Back when I wrote mostly horror, I accumulated quite a collection of reference books of ghosts, spirits, and various and sundry monsters. (This was before we could just hop on the Internets and pull information out of the worldwide series of tubes.) One of my favorite reference books was The Encyclopedia of Ghosts and Spirits, which listed literally hundreds of ghouls and beasties from around the world. “Underground with the Mouthless Girl” is about a rather nasty ghost from India called a churel, which is the restless spirit of a woman who died in childbirth. “Underground with the Mouthless Girl” appeared in “The Earwig Flesh Factory” from Eraserhead Press in the summer of 2000.
This story is not particularly gory, but I’ve always considered it one of the most creepy and unsettling things I ever wrote. You have been warned.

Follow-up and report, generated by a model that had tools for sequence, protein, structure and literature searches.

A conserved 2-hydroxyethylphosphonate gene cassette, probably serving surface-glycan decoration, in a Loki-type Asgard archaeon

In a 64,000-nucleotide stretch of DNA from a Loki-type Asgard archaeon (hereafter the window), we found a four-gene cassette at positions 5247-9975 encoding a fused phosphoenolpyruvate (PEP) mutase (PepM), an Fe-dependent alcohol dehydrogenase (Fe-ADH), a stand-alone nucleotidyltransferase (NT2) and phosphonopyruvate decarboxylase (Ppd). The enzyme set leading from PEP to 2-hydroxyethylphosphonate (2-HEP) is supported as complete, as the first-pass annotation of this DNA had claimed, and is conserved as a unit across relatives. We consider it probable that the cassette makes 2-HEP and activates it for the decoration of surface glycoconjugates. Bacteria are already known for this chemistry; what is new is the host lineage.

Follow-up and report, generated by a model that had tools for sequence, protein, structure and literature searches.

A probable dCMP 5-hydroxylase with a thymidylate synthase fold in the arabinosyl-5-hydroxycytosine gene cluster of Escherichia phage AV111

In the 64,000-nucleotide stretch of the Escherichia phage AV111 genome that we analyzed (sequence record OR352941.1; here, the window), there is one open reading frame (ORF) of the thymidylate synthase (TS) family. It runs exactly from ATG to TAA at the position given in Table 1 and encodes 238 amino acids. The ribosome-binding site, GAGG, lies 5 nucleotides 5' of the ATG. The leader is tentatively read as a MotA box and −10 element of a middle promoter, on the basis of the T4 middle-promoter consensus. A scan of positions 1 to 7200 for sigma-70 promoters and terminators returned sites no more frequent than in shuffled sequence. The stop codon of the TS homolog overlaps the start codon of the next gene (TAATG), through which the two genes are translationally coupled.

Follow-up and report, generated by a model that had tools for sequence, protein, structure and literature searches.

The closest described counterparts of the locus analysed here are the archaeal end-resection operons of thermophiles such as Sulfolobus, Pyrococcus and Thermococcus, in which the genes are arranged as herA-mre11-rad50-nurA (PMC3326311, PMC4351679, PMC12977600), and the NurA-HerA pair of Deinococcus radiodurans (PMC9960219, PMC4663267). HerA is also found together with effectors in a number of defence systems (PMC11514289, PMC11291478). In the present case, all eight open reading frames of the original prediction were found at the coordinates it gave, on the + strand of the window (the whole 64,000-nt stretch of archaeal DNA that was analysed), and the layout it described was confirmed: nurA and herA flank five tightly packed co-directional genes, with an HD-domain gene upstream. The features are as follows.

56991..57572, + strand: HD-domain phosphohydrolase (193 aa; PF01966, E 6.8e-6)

The girl catches Michael Osborne’s eye as he comes out of the men’s room. She’s sitting on a tall stool at the end of the bar, with one long, impossibly shapely leg extended toward the floor, like a dancer doing a pirouette. Silky black hair flows over her shapely neck and shoulders with the grace of a waterfall, concealing what her scanty red summer dress would otherwise reveal.
Osborne slides onto the stool next to her; it is inexplicably unoccupied on this noisy, crowded night. She looks at him and smiles. Her skin has a lustrous walnut sheen that goes perfectly with her jet hair. Her eyes are wide and dark and shaped like some exotic nut. For a moment Osborne finds himself speechless.
“Hello,” she says.
Osborne finds his voice before he begins to stutter or babble. “Hi. I’m Michael. You can call me Mike.”
“I’m Madhur.” She has a slight Indian accent. Aren’t they the ones who do all that kinky Kama Sutra stuff? “You can call me …” She looks him up and down. “… anytime.”
Just who is picking up who, anyway?